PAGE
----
Monday, July 24, 2006

today's oeuvre

Can you really say 'today's oeuvre' when an oeuvre is a lifetime's body of work; a large and encompassing collection of things created over the course of- based on western man's (or woman's, for you feminists out there) average lifespan- 77 to 81 years, and not a day?
Didn't think so.

I hate having to always name these posts, anyway.
It's like emails and subject lines.
Why do I have to have a subject for all these things?
What if I just want to ramble aimlessly?

I give up.

So remember the Philharmonic concert in Central Park that I was so disappointed my friends had dropped out of last week? Well, I didn't end up going, alone or otherwise, because it was rained out and rescheduled for yesterday. So I went last night- with other friends :P- and it was fantastic!
We stretched out on blankets in the balmy 85-degree air and ate grapes and crackers by candlelight as the orchestra serenaded us with traditional classical music (except for the first piece: The Chairman Dances, Foxtrot for Orchestra, written in 1985 by John Adams, which I wasn't a big fan of).

After the concert came fireworks, and then a sudden, unbridled downpour. Having no umbrellas, we willingly submitted to the deluge that swept us from 82nd Street and Central Park West to Houston Street and First Avenue.
I love summer rain.

My evenings craving for cultural grandiosity and stimulation satisfied, I am now free to muse over my other current artistic indulgence: the theater.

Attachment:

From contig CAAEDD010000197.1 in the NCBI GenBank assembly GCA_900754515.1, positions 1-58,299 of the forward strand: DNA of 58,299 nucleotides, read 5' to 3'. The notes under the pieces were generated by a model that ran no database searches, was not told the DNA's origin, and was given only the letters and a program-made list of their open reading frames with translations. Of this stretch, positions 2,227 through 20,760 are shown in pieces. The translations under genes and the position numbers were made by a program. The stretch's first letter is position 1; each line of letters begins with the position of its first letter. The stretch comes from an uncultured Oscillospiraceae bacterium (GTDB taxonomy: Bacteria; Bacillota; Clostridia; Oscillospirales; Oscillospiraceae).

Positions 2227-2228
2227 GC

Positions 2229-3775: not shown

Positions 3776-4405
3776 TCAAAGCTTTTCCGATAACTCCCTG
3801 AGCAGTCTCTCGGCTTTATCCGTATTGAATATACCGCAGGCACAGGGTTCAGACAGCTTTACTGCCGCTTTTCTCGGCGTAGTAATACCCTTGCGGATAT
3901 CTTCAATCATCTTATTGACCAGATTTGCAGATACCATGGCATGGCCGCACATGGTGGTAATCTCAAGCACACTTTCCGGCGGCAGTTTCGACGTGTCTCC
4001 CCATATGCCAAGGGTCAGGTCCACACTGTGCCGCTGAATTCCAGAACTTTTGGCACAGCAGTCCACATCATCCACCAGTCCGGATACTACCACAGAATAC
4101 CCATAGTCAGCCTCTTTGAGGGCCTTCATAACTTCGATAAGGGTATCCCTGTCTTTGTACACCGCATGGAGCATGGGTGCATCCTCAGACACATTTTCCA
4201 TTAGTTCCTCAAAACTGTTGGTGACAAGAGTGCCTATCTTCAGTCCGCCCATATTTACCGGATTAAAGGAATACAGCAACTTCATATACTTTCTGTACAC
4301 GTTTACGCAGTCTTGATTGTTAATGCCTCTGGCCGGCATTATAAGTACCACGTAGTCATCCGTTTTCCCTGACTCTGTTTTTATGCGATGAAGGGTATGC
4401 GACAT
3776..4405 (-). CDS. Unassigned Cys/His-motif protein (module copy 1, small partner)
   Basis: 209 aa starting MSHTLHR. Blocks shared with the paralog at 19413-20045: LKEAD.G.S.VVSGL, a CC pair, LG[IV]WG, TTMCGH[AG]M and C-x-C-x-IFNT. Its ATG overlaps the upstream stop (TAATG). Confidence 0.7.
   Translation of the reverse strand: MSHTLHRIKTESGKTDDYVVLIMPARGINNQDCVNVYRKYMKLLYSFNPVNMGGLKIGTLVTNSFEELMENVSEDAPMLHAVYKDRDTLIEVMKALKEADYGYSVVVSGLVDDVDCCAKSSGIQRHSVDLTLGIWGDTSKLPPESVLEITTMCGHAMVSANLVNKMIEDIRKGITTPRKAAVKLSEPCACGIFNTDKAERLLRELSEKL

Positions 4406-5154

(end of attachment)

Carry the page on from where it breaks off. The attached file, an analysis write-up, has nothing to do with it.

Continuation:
Wallace Shawn (remember Vizzini from the Princess Bride? Such a great movie, by the way), who has written a number of plays, recently released a CD of his 1990 play, The Fever.

Its about a tourist from a rich country visiting a poor country, where he contracts a fever so severe that it causes him to reconsider the morality of his narrowly focused, Eurocentric life. Its written as a monologue and takes place over the space of one night, the night of his illness, and concludes with (SPOILER!) openendedness, leaving the viewer/reader/listener with more- perhaps unwelcome- questions than when they entered.
Heres a passage:

Sometimes I was fine. I remember one morning, a marvelous blue sky. I had my hair cut. Gentle hands molded my hair so that it fit over the shape of my scalp like a cap. Then I bought myself a pair of comfortable socks, and then I looked at them carefully, and I bought two more pairs, because it's not easy to find the kind of socks I like! Then I went to a sweet little restaurant and had lunch with a woman in a lemon-yellow suit whom I'd known since I was eight. But then I got into a taxi, and as I was riding across the city, that feeling, that sickness, filled me up again. It seemed to start in my stomach and move out through my legs, my chest. And my stomach was beating, it was just like a heart. A cold sweat on my forehead and neck. I wasn't me. When the taxi arrived, the person who got out of it wasn't me. I was nowhere. The person who paid the driver was actually no one.

Tomorrow night, I am going to see Martin McDonaghs new play, The Lieutenant of Inishmore. McDonagh is the king of dark comedy, a genre his fellow Irishmen have had a stronghold on for some time.
Im a big fan of one of his early plays, The Beauty Queen of Leenane, and of his last play, The Pillowman, but rumor is that The Lieutenant is his most brilliantly dark and funny work to date. I'm looking forward to it.

Ive worked up an appetite now (thats probably the first time anyone has said that in any proximity to McDonaghs name).
It's time for lunch!

1 comment:

Askinstoo said...

Hey! Very Nice! Check out this website I found where you can make extra cash.
It's not available everywhere, so go to the site and see if you can find something. I found something and make
and extra $900 a month!

About Me

My photo
“Knowing is not enough; we must apply. Willing is not enough; we must do.” -Johann Wolfgang von Goethe

Blog Archive


Search This Blog